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We can celebrate, too



Joyful screams and shouts bounced off the downtown buildings, cutting through the cool pre-winter breeze. Horns were honking, banners waving, strangers hugging only because they shared in this wondrous moment.

It was 9:15 p.m., and the world had just heard the official news: Barack Obama would be the next president of the United States.

The celebration was just beginning Tuesday night. Right here in the kingdom of Republicans, it was OK to show some euphoria. What took place around that intersection of Pikes Peak and Cascade avenues over the next few hours provided a telling resemblance to the rest of the country.

Inside the Antlers Hilton, nearly a thousand delirious Democrats gathered for their $20-a-head celebration, and the fervent atmosphere was unlike anything ever seen from the party that usually has lived in the shadows here. Even those who didn't win were upbeat, like congressional candidate Hal Bidlack, who told the group, "Keep the big picture in mind."

Then, when Obama came on the projection screen, and the monitors around that ballroom, telling the nation that "tonight is your answer ... all things are possible," the raucous cheers would've made Chicago proud. It was truly remarkable, the electricity that swept through the room, filled with so many excited people, from kids to seniors but many in that vital 18-to-35 age group.

Standing in a far corner, one of Colorado Springs' most revered African-American leaders let it all soak in.

Norvell Simpson, 77 and going strong after more than four decades as an influential force here, kept nodding and applauding as Obama gave his message of hope.

"This is wonderful. It's unbelievable. I'm so glad I lived to see this day," said Simpson, who proceeded to dance the night away surrounded by young adults, many of them campaign workers who could've been his grandkids.

Skin color aside, Simpson and many others instantly grasped the meaning, and the potential, of such a vibrant nucleus of local Democrats. Elsewhere in the crowd, others closely involved with the Obama organization locally talked in ambitious tones. They want to build on this, using many inspired volunteers to fill more and more grassroots, precinct-level positions, developing a stronger, permanent Democratic presence.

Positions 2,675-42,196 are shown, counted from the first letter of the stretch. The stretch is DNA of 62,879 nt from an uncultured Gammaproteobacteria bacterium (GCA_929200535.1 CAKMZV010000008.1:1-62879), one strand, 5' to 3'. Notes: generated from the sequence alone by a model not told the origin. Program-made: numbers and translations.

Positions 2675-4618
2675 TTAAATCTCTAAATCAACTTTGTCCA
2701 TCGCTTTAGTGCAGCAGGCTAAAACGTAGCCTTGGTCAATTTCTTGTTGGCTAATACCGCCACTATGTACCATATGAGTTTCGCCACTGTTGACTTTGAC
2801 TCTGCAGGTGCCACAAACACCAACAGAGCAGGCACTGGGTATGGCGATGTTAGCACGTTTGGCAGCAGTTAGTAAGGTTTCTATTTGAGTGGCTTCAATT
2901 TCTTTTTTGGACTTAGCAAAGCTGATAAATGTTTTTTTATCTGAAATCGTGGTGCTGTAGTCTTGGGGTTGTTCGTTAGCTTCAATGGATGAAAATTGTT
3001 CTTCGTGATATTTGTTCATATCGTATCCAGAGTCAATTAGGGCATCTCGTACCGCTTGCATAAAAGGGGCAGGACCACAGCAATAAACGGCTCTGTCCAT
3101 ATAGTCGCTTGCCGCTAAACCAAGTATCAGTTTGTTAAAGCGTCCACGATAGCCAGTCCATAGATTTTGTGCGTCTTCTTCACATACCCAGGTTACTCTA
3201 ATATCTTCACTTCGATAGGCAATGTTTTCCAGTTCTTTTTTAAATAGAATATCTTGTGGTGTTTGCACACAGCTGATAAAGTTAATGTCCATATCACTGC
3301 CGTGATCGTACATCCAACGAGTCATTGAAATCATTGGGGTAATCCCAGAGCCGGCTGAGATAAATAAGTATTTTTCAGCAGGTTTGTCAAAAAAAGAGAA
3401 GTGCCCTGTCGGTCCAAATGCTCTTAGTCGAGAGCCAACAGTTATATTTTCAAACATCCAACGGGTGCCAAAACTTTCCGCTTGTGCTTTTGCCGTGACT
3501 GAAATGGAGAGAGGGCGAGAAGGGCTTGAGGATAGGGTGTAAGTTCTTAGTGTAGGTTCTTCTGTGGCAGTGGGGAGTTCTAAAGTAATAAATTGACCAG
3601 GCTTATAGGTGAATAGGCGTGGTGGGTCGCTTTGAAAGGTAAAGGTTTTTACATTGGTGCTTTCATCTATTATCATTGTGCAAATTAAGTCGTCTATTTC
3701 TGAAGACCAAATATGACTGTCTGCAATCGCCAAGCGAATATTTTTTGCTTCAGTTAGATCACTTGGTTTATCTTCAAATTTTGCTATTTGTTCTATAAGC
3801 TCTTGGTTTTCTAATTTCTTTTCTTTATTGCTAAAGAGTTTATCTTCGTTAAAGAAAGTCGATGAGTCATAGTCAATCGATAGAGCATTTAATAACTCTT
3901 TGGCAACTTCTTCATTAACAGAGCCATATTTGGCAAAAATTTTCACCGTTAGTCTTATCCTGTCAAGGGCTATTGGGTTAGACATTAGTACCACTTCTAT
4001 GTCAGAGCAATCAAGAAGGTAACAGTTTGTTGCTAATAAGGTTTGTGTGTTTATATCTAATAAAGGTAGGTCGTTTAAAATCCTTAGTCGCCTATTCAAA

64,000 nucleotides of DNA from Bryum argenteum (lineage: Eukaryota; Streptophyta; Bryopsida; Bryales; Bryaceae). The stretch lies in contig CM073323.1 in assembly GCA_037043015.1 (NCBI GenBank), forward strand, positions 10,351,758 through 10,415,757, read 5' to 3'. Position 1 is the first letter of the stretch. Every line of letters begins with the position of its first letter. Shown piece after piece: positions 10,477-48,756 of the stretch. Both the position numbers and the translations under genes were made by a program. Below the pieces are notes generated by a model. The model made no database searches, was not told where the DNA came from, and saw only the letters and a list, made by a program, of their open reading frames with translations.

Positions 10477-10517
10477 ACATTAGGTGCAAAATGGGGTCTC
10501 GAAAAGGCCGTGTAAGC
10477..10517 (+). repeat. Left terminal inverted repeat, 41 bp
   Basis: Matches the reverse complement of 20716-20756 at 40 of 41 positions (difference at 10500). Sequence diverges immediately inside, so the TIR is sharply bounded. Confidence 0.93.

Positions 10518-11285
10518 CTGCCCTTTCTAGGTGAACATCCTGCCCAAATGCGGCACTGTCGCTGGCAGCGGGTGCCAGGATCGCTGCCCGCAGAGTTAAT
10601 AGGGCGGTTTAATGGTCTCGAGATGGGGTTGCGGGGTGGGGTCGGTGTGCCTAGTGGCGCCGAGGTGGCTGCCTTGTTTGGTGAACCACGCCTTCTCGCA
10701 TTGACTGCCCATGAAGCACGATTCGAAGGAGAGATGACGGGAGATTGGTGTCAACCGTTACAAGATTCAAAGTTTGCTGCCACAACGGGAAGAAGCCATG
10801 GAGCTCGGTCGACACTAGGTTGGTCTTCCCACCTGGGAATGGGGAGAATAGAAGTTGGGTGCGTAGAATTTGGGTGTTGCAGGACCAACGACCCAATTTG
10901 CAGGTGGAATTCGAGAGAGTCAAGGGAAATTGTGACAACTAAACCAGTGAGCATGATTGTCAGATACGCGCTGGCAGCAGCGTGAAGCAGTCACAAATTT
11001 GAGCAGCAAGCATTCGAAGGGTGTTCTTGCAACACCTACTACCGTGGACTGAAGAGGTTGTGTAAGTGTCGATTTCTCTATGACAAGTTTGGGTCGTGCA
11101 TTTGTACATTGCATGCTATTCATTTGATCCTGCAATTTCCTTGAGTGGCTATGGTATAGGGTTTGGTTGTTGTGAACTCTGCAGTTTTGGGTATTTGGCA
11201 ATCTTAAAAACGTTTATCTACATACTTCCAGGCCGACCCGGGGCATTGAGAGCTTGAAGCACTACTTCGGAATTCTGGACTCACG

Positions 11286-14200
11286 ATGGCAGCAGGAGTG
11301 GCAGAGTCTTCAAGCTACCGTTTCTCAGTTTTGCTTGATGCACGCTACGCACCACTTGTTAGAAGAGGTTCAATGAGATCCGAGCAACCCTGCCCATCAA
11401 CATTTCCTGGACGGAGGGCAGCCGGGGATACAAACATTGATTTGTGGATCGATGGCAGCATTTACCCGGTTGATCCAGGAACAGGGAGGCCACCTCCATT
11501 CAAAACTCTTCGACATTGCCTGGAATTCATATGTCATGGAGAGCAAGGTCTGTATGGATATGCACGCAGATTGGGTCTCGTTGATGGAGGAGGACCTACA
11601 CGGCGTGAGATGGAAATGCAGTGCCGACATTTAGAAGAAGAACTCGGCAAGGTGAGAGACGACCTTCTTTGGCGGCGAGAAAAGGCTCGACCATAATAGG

As that party kept going toward midnight, the despair was equally obvious across the street. On the third floor of Phantom Canyon Brewing Co., most of El Paso County's "old guard" Republicans gathered to await the hoped-for victory of 1A, the sales-tax hike for public safety and health. They also were counting on the defeat of Questions 200 and 201, authored by Douglas Bruce to rip apart the Stormwater Enterprise and other city operations.

Mayor Lionel Rivera was there, along with other city councilors, county commissioners, Sheriff Terry Maketa, civic leaders, even state Attorney General John Suthers. But just after 9 p.m., their anticipation crashed: Word came of Obama's victory over John McCain, and the first local results showed 1A going down in flames. It was clear that 200 and 201 would, too, but still, the mood among those GOP mainstays ranged from deflated to devastated, as groups huddled to commiserate and watch McCain's concession.

This also was only a portion of the local Republican hierarchy, with the rest out north enjoying the victories of U.S. Rep. Doug Lamborn, as well as those of Keith King and other state legislators. But that split, and lack of area unity, also was a reflection of the GOP's national defeat.

In the end, what happened in El Paso County provided some encouraging benchmarks for the future: 40 percent for Obama, actually 104,670 votes (not counting provisionals), easily the best local showing by a modern-era Democrat. And the county now has another Democrat in the state House, thanks to Dennis Apuan's apparent victory in District 17. Also, Amendment 48, the new definition of personhood, lost 62 percent to 38 percent here while being clobbered statewide.

It was all worth celebrating, because it doesn't feel like a fluke. Instead, there's as much hope for Dems today in Colorado Springs as in the rest of America.

And if you don't believe that, you must not have been downtown Tuesday night.

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